August 14, 2018

Help, Mr. Weaver!

By Norty Cohen

Author, The Participation Game and Join The Brand (coming October, 2018)

Pat Weaver invented the TV spot 70 years ago.

Someone Hit Fast Forward.

Sylvester “Pat” Weaver was a pioneer in both the entertainment and advertising industries and set the tone for most of the programming we enjoy today.

He was the original content creator. He had his hand in everything from The Tonight Show to the concept behind Saturday Night Live. You can thank him for giving your thumb exercise every time you watch a recorded show.

He didn’t invent the remote. But he was the innovator of the TV spot.  

The story actually starts in the 1930s. Back in the day, advertisers and their agencies created radio shows and everything revolved around one hour time slots. Pat Weaver had a knack for it and at one point, he promoted a radio insult feud between comedians Jack Benny and Fred Allen. He kept listeners tuning in once a week for eight years. 

Around 1950, when TV was starting to make its way into American households, the ad industry had a dilemma. The cost to produce an entire show was over $1MM – the equivalent of $10MM today.

Pat pitched the idea of treating TV like a printed magazine and breaking it up into segments.  His idea was that the network could create the shows and then sell sixty second spots.  Agencies didn’t like it and neither did CBS. But he pitched it to NBC and went on to be their president twice in his career.

Pat, who was Signourney Weaver’s dad, passed away in 2003. In his autobiography, he said, “The future of communications is so fascinating, I wish I had another lifetime to help in realizing its potential.”

So do we. We’re still in it, Pat.  

TV spots won’t go away any time soon, even though consumers have a two-way device in their hand minimally four hours a day. TV is still getting half the budget for most brands and it delivers the least engagement for the money, no matter what broadcast sales people are programmed to say.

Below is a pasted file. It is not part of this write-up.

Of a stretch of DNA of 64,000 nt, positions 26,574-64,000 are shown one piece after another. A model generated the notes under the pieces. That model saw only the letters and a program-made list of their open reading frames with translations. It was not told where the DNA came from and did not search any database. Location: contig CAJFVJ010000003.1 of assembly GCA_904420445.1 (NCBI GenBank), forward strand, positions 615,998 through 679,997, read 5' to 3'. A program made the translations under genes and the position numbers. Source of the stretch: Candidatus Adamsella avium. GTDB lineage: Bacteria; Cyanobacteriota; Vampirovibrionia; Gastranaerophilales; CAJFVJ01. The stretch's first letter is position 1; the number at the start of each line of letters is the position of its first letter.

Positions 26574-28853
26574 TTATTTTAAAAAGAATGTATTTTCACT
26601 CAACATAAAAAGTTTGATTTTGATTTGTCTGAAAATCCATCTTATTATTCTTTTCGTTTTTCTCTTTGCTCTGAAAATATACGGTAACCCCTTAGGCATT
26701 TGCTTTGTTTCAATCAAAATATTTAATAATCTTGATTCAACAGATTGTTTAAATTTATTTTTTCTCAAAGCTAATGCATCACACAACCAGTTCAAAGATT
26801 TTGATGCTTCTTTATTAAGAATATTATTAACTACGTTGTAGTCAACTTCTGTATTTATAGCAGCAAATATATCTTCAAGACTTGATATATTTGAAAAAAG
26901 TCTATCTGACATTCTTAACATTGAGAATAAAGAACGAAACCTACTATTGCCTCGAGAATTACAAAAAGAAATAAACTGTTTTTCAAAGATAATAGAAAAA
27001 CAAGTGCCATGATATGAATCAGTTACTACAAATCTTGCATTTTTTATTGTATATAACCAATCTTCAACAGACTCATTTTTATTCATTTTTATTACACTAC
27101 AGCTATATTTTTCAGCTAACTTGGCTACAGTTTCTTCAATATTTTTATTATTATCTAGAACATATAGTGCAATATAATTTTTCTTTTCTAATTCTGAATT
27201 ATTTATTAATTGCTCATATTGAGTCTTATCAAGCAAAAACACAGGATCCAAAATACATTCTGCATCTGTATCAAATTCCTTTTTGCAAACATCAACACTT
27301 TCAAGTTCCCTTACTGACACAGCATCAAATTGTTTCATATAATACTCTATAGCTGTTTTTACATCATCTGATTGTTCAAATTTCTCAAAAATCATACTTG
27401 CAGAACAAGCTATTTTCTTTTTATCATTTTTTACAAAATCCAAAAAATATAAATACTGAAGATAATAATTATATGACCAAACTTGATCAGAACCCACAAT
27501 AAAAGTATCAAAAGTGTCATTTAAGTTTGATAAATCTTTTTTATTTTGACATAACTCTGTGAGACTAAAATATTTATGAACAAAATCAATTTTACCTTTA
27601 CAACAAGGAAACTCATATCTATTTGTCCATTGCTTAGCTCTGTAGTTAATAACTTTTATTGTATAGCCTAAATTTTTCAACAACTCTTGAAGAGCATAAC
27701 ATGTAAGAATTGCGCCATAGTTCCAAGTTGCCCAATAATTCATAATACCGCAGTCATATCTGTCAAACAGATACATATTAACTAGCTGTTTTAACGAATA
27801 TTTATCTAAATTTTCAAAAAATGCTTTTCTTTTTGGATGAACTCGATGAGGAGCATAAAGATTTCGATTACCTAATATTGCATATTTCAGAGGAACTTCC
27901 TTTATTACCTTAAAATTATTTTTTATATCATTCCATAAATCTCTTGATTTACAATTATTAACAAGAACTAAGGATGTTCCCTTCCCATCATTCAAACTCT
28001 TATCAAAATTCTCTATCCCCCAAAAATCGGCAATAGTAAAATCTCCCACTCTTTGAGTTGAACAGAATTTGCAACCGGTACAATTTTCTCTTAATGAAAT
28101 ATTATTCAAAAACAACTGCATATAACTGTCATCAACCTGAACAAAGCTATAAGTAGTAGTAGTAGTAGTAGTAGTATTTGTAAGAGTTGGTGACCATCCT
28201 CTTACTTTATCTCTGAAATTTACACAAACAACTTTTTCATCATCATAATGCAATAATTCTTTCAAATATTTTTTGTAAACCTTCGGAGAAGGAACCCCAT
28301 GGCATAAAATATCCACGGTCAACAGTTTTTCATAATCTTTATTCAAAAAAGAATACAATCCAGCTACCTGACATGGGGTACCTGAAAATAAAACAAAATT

Pat saw the tail end of dial-up but he missed the birth of social media and consumers making their own content as a status building tool.

No one wants to be the last one at the party. 

Pat would be the first to say, it’s time to move on.

We took this to heart and did a series of new research studies on how consumers connect for our new book, Join The Brand.

We know consumers are busy marketing themselves and now have less than eight seconds to respond or react to a message. No one wakes up every morning deciding to join a brand.

Yet, there are brands who seem to be above the fray and attract dedicated fans who are so enthusiastic, they become superfans. We took a look at them to see what we could learn from their journeys. 

We found three critical steps to aligning with consumers’ hearts: 

1)    Igniting the Fire

        Developing brand stories that engage on a genuine level.

2)    Fueling the Flame

        Uniting fans with programming that feels naturally compelling and inclusive.

3)    Passing the Torch

        Enlisting the best fans to tell your story.

We conducted six new studies to help us share best practices. We’re introducing a two-way brief, to help marketers think about personal conversations vs weapons of mass persuasion.

Mr. Weaver, the evolution was televised, thanks to you. 

Let’s fast forward to the future.

 

Excerpt from Join The Brand, by Norty Cohen, Jillian Flores and Meggie Petersen. Available October 1 on Amazon, Barnes & Noble, Hudson News and select independent book sellers.

 

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